This is a story about cancer, and baseball, and how they intersected over a week in the life of the New York Mets.
Two weeks ago, Sandy Alderson was sitting in the waiting room at Memorial Sloan Kettering Cancer Center in New York. Alderson, the Mets’ general manager, has been cancer-free since May 2016, but he has to go for checkups every four months.
While waiting, Alderson picked up the spring issue of the hospital newsletter. The cover story — written in the first person — was about a fervent Chicago Cubs fan named Abby Wood, and how her favorite team and her lucky Cubs hat helped her get through her battle with lymphoma.
And when the team won the World Series last season — after an epic 108-year wait — it felt intensely special to her because two of the Cubs’ most prominent players, Anthony Rizzo and Jon Lester, are also cancer survivors.
Alderson knew the Cubs would soon be in New York to play the Mets, so he decided he would invite Wood to one of the games.
As he was preparing to do so, Alderson was also getting ready to join a large contingent of former and current Mets players and employees in Little Ferry, New Jersey, for a ceremony dedicating a newly renovated softball field in honor of Shannon Forde. A beloved public relations executive for the Mets, Forde, after a long battle, died of breast cancer at age 44 in March 2016.
So over the course of a week — at the hospital, on the phone, at a recreation site — cancer became the backdrop for Alderson in ways both sad and uplifting. And because cancer is such a constant in almost every walk of life, none of it, in the end, was surprising for Alderson to encounter.
“It’s all around us,” Alderson said of the disease. But baseball is a constant, too, Alderson noted, played day in and day out, month after month.
“Baseball influences people on an everyday basis,'’ he said. “It has the ability to divert one’s attention from an illness. It’s a way of inspiring people at a time when they may need it. It’s kind of the dailiness of the game that provides that kind of respite.”
As it surely did for Wood. A Chicago native and a lifelong Cubs fan because of her father and grandfather, she was told she had stage IV Hodgkin lymphoma in March 2008, when she was 21 and a junior at Princeton University.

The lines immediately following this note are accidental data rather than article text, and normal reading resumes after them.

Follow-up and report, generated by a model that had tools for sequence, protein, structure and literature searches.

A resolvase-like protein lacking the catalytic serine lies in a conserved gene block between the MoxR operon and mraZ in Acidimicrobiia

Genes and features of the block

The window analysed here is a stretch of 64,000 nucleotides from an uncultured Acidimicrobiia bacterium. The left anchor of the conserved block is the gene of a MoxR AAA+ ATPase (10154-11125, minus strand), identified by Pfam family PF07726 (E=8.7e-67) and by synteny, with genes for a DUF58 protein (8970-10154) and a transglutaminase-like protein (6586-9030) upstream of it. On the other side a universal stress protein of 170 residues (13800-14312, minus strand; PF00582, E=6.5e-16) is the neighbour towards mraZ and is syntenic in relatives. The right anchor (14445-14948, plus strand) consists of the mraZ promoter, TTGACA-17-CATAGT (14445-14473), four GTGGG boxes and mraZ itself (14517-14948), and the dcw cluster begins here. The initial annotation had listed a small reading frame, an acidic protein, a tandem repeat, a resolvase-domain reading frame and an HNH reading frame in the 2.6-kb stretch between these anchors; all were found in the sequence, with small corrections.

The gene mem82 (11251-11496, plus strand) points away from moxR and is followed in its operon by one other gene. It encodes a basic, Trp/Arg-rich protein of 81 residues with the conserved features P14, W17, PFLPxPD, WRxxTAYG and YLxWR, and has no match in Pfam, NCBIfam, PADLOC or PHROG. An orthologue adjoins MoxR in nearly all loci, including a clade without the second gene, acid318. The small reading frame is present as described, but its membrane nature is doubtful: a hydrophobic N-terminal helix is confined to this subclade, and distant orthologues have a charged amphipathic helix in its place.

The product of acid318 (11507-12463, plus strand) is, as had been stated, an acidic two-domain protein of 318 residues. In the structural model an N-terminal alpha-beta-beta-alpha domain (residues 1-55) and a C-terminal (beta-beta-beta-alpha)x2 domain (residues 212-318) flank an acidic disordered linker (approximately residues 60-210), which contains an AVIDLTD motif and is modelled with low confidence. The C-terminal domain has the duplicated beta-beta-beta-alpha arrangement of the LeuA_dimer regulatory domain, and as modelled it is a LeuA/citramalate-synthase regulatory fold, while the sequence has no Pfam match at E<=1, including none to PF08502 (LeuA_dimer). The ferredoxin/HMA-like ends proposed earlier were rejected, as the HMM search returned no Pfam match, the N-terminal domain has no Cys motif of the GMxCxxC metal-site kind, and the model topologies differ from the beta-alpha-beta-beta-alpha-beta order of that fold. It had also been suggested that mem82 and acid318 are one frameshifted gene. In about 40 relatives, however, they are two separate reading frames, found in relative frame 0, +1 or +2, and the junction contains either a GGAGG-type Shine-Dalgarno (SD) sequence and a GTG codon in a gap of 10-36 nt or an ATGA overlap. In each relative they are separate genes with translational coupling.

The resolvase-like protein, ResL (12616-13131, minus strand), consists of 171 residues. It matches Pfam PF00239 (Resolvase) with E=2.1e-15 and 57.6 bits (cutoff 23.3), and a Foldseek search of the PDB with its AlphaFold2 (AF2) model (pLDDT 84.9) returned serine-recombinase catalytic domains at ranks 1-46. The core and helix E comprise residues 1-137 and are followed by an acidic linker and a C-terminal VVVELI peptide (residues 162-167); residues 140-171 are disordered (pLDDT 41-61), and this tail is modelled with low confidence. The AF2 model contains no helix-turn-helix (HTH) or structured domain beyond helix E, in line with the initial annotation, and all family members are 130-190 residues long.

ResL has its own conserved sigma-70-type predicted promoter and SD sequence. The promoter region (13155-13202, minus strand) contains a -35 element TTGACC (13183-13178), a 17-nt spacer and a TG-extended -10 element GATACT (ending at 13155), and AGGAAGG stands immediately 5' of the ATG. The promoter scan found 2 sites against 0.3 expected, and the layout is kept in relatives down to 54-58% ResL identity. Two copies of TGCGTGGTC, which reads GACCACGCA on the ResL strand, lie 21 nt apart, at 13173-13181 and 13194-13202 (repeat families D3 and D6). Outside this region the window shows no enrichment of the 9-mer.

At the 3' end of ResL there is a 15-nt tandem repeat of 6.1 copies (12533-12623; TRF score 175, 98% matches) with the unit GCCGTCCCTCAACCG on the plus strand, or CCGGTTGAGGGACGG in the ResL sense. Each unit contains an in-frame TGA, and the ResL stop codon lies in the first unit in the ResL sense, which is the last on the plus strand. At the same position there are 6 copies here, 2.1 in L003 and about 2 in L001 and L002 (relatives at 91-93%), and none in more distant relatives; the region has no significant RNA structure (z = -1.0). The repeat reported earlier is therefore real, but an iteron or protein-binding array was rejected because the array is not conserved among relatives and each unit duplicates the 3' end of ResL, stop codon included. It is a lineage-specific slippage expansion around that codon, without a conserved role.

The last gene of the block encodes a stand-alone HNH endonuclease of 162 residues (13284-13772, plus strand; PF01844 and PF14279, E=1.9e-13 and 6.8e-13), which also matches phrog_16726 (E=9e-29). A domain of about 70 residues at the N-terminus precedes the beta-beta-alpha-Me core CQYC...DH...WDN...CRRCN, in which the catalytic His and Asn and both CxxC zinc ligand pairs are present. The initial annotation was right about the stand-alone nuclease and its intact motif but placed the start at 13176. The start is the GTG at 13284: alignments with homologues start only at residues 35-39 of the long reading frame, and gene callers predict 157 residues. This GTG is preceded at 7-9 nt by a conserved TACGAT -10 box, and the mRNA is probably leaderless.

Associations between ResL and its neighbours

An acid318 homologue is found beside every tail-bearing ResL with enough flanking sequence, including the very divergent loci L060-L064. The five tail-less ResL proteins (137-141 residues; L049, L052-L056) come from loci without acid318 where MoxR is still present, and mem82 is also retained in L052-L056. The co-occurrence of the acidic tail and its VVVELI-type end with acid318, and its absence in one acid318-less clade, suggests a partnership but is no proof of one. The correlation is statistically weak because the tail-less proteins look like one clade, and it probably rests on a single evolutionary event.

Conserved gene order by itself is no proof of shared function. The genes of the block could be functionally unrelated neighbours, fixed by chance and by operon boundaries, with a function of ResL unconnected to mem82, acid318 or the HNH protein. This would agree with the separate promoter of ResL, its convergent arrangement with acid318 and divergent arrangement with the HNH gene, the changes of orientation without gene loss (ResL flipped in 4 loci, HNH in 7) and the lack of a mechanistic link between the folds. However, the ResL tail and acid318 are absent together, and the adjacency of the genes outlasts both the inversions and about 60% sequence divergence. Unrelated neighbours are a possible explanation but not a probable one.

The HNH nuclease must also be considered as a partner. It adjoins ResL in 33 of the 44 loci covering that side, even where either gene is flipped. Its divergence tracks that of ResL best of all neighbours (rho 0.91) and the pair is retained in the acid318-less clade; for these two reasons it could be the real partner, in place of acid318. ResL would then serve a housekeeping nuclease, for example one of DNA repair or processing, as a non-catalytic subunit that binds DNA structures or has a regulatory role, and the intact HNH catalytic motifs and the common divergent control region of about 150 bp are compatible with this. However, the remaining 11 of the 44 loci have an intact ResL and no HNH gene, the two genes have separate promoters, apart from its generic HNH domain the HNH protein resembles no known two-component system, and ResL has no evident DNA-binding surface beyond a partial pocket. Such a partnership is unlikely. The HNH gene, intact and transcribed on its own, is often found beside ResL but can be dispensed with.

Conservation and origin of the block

She had ignored pain in her left hip for some time, until one day she could not lift her leg out of her bed. She finally mentioned this to her twin sister, Daisy, who alerted their parents.
“I thought I was invincible, like any college kid,” she said.
An MRI examination found a tumor. Wood’s parents flew in from Chicago and took her to Sloan Kettering. She withdrew from college, and she and her parents temporarily relocated to Manhattan so she could begin an intensive chemotherapy regimen over the next five months. And to that regimen, she applied her own twist.
“I hated wearing my wig,” said Wood, who is now 31. “So it became a thing among my family and friends that I’d wear my Cubs hat everywhere instead.”
On the few occasions that she got permission to go outside, her father, Arthur, got her tickets to New York Yankees or Mets games. “Not even when they were playing the Cubs, but just to be at a ballpark,” she said.
Because Wood’s immune system was so weak from chemotherapy, she received shots to boost it. The side effect was intense bone discomfort. The ESPN highlights of Cubs games or the games themselves helped her get through it.
“I went from just being a fan to the Cubs having a really special place in my heart,” she said. “They were with me through the entire battle.”
As was her lucky Cubs hat, which also accompanied her to hip surgery in 2013 and a left hip replacement operation in 2014, both needed because of the long-term effects of her cancer treatment. The hat will most likely be with when her right hip is replaced in the future.